More at Chris’ post.

CATEGORIZED UNDER: Genetics, Genomics

Your genes, your rights – FDA's Jeffrey Shuren misleading testimony under oath

By Razib Khan | March 9, 2011 12:05 pm

Over the past few days I’ve been very disturbed…and angry. The reason is that I’ve been reading Misha Angrist and Dr. Daniel MacArthur. First, watch this video:

In the very near future you may be forced to go through a “professional” to get access to your genetic information. Professionals who will be well paid to “interpret” a complex morass of statistical data which they barely comprehend. Let’s be real here: someone who regularly reads this blog (or Dr. Daniel MacArthur or Misha’s blog) knows much more about genomics than 99% of medical doctors. And yet someone reading this blog does not have the guild certification in the eyes of the government to “appropriately” understand their own genetic information. Someone reading this blog will have to pay, either out of pocket, or through insurance, someone else for access to their own information. Let me repeat: the government and professional guilds which exist to defend the financial interests of their members are proposing that they arbitrate what you can know about your genome. A friend with a background in genomics emailed me today: “If they succeed in ramming this through, then you will not be able to access your own damn genome without a doctor standing over your shoulder.” That is my fear. Is it your fear? Do you care?

In the medium term this is all irrelevant. Sequencing will be so cheap that it will be impossible for the government and well-connected self-interested parties to prevent you from gaining access to your own genetic information. Until then, they will slow progress and the potential utility of this business. Additionally, this sector will flee the United States and go offshore, where regulatory regimes are not so strict. BGI should give glowing letters of thanks to Jeffrey Shuren and the A.M.A.! This is a power play where big organizations, the government, corporations, and professional guilds, are attempting to squelch the freedom of the consumer to further their own interests, and also strangle a nascent economic sector of start-ups as a side effect.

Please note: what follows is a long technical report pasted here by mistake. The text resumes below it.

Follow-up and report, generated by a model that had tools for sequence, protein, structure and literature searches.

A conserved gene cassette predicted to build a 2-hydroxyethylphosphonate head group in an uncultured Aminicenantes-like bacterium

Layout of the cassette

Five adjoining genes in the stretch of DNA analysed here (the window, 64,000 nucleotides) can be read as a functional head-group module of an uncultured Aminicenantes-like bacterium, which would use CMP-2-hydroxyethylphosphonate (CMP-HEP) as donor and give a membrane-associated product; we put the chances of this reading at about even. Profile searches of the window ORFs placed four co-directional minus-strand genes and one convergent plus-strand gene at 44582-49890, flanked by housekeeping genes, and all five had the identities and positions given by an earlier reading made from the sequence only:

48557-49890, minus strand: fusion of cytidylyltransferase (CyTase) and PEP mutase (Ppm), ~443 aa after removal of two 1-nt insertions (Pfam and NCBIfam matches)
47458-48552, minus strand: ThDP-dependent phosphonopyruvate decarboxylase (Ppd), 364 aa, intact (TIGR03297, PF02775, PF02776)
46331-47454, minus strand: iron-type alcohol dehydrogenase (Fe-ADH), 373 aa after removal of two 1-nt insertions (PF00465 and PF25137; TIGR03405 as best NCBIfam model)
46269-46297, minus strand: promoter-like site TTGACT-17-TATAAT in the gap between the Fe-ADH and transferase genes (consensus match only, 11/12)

You are so much more than your genes. So much more than that 3 billion base pairs. But they are a start, a beginning, and how dare the government question your right to know the basic genetic building blocks of who you are. This is the same government which attempted to construct a database of genetic information on foreign leaders. We know very well then who they think should have access to this data. The Very Serious People with a great deal of Power. People with “clearance,” and “expertise,” have a right to know more about your own DNA sequence than you do.

What can you do? What can we do? Can we affect change? I don’t know, I can’t predict the future. But this is what I’m going to do.

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CATEGORIZED UNDER: Genetics, Genomics
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This blog is about evolution, genetics, genomics and their interstices. Please beware that comments are aggressively moderated. Uncivil or churlish comments will likely get you banned immediately, so make any contribution count!